Languages of Zambia
Indigenous Zambian languages
Zambia is widely claimed to have over 72 languages and dialects. Most of these might be better regarded as dialects and some of them, have a long history within Zambia, while others, such as Silozi, arose as a result of 18th and 19th-century migrations. All of Zambia's vernacular languages are members of the Bantu family and are closely related to one another.
Although there are several Languages spoken in Zambia, Seven of them were officially recognised as regional languages and they still have this official status. Together these represent the major languages of each province: Bemba (Northern Province, Luapula, Muchinga and the Copperbelt), Nyanja (Lusaka), Lozi (Western Province), Tonga and Lozi (Southern Province), and Kaonde, Luvale and Lunda (Northwestern Province). These seven languages are used, together with English, in early primary schooling and in some government publications. A common orthography was approved by the Ministry of Education in 1977.
In some languages, particularly Bemba and Nyanja, Zambians distinguish between a "deep" form of the language, associated with older and more traditional speakers in rural areas, and urban forms (sometimes called "town language" or Chitauni, such as Town Bemba and Town Nyanja) that incorporate a large number of borrowings from English and other innovations.
An urban variety of Nyanja is the lingua franca of the capital Lusaka and is widely spoken as a second language throughout Zambia. Bemba, the country's largest indigenous language, also serves as a lingua franca is some areas.
Significance of Zambian languages
Local Zambian languages play an important role in different sectors of society. For instance, in the education sector, local languages allow pupils to express themselves freely.
English, the former colonial language, serves as a common language among educated Zambians. At independence in 1964, English was declared the national language. English is the first language of only 2% of Zambians but is the most commonly used second language.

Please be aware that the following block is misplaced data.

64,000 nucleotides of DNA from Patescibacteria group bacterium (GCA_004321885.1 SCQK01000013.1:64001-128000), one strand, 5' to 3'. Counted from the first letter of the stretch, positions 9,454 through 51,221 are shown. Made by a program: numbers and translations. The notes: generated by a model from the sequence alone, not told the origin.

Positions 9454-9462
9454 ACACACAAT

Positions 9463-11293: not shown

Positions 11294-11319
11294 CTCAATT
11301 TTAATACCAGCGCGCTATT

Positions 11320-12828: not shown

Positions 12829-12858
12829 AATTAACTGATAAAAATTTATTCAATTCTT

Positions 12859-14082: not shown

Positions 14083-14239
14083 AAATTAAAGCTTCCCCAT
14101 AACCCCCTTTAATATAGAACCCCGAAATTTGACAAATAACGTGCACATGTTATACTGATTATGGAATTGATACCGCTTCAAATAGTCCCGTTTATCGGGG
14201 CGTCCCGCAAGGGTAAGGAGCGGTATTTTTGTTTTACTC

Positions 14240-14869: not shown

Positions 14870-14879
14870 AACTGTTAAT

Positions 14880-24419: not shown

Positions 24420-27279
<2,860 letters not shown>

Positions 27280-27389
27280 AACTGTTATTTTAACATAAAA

The English spoken in Zambia has some distinctive features, such as the omission of certain object pronouns that would be obligatory in Western English ("Did you reach?"), the simplification of some phrasal verbs ("throw" instead of "throw away"), subtle differences in the usage of auxiliary verbs such as "should", simplification of vowel sounds (some Zambians may regard "taste" and "test" as homophones), and the incorporation of particles derived from Zambia's indigenous languages (such as chi "big/bad" and ka "little"). Zambian English also incorporates South African words such as braai for "barbecue".
Percentage distribution of major language groups
Source: 2010 Census
List of languages
- Chanda and Mkandawire (2013)
- Chimuka (1977)
- Kashoki (1981).
- Central Statistical Office, Government of Zambia. "2010 Census Population Summaries" (PDF). Retrieved 6 March 2018.
- Chimuka, S. S. (1977). Zambian languages: orthography approved by the Ministry of Education. Lusaka : National Educational Company of Zambia (NECZAM).
- Kashoki, Mubanga E. and Ohannessian, Sirarpa. (1978) Language in Zambia. London: International African Institute.
- Kashoki, Mubanga E. (1981). Harmonization of African languages: standardization of orthography in Zambia in In African Languages: Proceedings of the Meeting of Experts on the Transcription and Harmonization of African Languages, Niamey (Niger), 17–21 July 1978, (pp. 164–75). Paris: UNESCO.
- Kashoki, Mubanga E. (1990) The Factor of Language in Zambia. Lusaka: Kenneth Kaunda Foundation.
- Marten, Lutz; Kula, Nancy C. (2008) "One Zambia, One Nation, Many Languages" in Simpson, A. ed., 2008, Language and National Identity in Africa, Oxford: OUP, 291-313.
- Chanda, Vincent M. and Mkandawire, Sitwe Benson. (2013). 'Speak Zambian Languages'. Lusaka: UNZAPRESS
- Mkandawire, S. B. (2017). "Familiar Language Based Instruction versus Unfamiliar Language for the Teaching of Reading and Writing Skills: A Focus on Zambian Languages and English at two Primary Schools in Lusaka". Zambian Journal of Language Studies, 1(1), 53-82. ISSN 2415-668X
- Mkandawire, Sitwe Benson (2017b). "Terminological Dilemma on Familiar language based instruction and English language: A reflection on Language of Initial Literacy Instruction in Zambia" Journal of Lexicography and Terminology, 1(1), 45-58. ISSN 2517-9306
- Tambulukani, Geoffrey Kazembe (2015). "First Language Teaching of Initial Reading: Blessing or Curse for the Zambian Children under Primary Reading Programme?" Ph.D. thesis, University of Zambia.
- Tordoff, William (ed.) (1974) Politics in Zambia. Manchester: Manchester University Press.
- Republic of Zambia. Constitution of Zambia 1991 (as amended by Act no. 18 of 1996).
- Census data from Zambia from Central Statistical Office, Zambia
- Ethnologue Listing of Zambian Languages
- Bibliography of books on languages spoken in Zambia